The man in charge of Assassin's Creed II wants to continue his dialogue with you. He's changed his game in some ways you requested. But he still wants to send obsessive collectors a message and struggles with a grand idea.
"A game is a dialogue," Patrice Desilets was telling me earlier this month when we sat down at the Washington State Convention Center in Seattle to discuss Assassin's Creed II. He is the game's creative director, but his work is pretty much complete while the team back at Ubisoft Montreal wraps the game up for its fall release.
I had asked Desilets if he'd kept a checklist of complaints players of the first game had. I imagined there had been a list because, when I last spoke to the game's executive producer, Jade Raymond, about Assassin's Creed II in New York it seemed that all of the feedback about mission variety and pacing were being addressed.
"For Assassin's Creed we received a real answer from the player," Desilets told me. He wasn't keeping a checklist but he'd heard the responses. He knew what the feedback was. That last game, acclaimed and popular as it was, was too routine, it confused people and it frustrated them. If what Desilets told me about what he and the 200-plus developers working on Assassin's Creed II for Ubisoft is accurate, most of that will be remedied by the sequel. But not everything — because Patrice Desilets is the rare video game developer who discusses taking the messages he gets from the gaming public and then sending them a message back. He's also still struggling with some key ideas that shape the works with which he is involved.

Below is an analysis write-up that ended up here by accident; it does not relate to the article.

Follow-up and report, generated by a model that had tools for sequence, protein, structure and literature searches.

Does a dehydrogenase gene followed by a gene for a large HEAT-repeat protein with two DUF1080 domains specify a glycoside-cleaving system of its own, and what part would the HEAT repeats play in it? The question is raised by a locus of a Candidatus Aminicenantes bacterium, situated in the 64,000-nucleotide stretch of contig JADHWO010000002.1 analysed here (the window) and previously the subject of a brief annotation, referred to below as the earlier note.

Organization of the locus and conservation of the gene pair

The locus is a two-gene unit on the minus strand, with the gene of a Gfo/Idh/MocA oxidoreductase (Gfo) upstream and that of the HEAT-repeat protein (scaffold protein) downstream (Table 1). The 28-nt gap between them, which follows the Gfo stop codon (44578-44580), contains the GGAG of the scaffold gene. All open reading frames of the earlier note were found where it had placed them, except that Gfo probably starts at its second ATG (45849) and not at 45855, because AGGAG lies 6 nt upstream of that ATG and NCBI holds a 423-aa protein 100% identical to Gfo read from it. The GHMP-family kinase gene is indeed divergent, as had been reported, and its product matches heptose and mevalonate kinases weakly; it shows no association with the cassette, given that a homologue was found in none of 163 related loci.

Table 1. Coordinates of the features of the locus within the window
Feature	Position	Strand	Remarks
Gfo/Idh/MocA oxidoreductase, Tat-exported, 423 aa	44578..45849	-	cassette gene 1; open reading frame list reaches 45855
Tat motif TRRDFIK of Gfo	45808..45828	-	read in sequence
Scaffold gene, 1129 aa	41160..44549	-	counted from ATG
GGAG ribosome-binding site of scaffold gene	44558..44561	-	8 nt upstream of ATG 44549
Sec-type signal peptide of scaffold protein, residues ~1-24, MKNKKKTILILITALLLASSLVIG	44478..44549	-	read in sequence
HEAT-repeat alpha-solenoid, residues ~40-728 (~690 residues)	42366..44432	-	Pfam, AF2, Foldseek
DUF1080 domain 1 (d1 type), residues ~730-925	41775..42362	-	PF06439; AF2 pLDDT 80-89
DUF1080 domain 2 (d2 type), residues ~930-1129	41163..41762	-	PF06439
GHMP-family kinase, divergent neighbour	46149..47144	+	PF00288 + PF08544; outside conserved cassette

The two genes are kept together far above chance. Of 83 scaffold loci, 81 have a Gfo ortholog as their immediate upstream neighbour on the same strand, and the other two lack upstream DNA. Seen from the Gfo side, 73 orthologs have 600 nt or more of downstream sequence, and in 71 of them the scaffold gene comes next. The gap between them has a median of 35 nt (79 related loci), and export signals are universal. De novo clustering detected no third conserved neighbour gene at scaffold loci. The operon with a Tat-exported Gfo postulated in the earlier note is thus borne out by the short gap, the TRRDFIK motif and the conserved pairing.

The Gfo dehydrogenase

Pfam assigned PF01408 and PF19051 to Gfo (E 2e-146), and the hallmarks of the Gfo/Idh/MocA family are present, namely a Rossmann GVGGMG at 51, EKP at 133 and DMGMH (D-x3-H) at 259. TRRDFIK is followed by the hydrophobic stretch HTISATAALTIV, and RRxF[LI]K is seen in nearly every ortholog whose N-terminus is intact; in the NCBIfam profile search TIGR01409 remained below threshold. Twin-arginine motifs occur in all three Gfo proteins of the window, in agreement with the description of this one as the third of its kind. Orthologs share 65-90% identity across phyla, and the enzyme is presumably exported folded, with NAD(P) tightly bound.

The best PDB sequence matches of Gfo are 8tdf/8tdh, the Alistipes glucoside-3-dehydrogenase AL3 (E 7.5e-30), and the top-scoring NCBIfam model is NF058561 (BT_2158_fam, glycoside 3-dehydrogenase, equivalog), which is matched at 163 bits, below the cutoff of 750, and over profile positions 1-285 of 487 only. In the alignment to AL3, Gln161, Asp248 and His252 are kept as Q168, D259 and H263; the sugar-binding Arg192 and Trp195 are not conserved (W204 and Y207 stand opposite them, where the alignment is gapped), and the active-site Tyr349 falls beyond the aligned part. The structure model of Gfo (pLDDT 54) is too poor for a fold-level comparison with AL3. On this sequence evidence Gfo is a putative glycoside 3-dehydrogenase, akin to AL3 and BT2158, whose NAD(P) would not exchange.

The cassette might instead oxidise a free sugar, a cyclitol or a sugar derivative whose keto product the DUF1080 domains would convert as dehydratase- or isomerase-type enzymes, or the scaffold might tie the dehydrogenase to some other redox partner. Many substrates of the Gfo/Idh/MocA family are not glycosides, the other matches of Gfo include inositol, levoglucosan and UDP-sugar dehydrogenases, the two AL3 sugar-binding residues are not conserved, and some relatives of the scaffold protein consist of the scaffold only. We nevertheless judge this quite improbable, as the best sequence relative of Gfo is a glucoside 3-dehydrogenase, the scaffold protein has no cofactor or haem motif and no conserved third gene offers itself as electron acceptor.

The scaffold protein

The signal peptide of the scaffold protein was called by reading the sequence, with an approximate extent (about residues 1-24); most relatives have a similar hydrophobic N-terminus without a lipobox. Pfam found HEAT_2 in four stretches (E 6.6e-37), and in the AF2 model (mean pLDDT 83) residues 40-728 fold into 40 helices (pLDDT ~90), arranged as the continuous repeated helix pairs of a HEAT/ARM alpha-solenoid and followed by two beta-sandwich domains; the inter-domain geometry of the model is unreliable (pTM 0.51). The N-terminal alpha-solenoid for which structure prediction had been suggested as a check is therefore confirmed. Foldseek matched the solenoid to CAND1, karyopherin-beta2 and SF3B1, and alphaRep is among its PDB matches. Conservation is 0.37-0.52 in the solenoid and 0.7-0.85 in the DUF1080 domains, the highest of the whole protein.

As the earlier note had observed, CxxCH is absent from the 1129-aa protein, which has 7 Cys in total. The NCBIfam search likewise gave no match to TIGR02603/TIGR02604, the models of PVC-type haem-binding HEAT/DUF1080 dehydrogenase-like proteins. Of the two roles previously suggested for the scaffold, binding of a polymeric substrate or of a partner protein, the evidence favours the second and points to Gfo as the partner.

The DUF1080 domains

Let's start with a lesson absorbed: The first game was, "too obvious," Desilets said, finding another way of vocalizing the critique that multi-million-selling Assassins' Creed proved to be too repetitive. "We never played with the game structure. At the beginning of the game, we said to the players there's nine guys to kill. You'll do your investigations first. You'll assassinate. You beat it. At the seventh one it's still the same, and never did we play with that. So that was the first thing I threw in the trash can. I was like, 'Let's forget about this game structure.' Let's really hide the game design elements of the game structure and more have a narrative structure that is the game structure."
And here's a lesson resisted: The world of the old game frustrated collection-minded gamers, who discovered that there was no reward for finding all of the hidden flags in Assassin's Creed. And while Raymond told me in New York earlier this summer that there will be rewards for some collecting in Assassin's Creed II, Desilets informed me: "There are still some collectibles that are pretty useless." Then he laughed.
My last meeting with Desilets, back in 2007, had been unusual and therefore memorable. He had shown up to my old offices at MTV with a review build of Assassin's Creed, and then hung out while I started his game. Review builds of games often come in envelopes and boxes but neither before nor since have they arrived in the hands of the lead creator of the game. He was as gleeful about his team's work then as he was when I talked to him again two weeks ago in Seattle.
As Desilets laughed about refusing to offer rewards for every single collectible in Assassin's Creed II, I reminded him how happy he was to tell me back at MTV that flag-collecting in the first game did not yield rewards. "I know, and I still like it," he said in Seattle. "That's why I'm still smiling. And I know there's a big debate about that. I'm not a collector person. I don't collect a lot of stuff, so I don't get it. I don't understand." I suggested he was giving the finger to obsessive collectors. "It's not the middle finger," he said. "That's too [strong], but yes, I'm playing. I'm playing with them. It's a dialogue. I need to talk also. This time there'll be something else, but I'll still be smiling in my living room."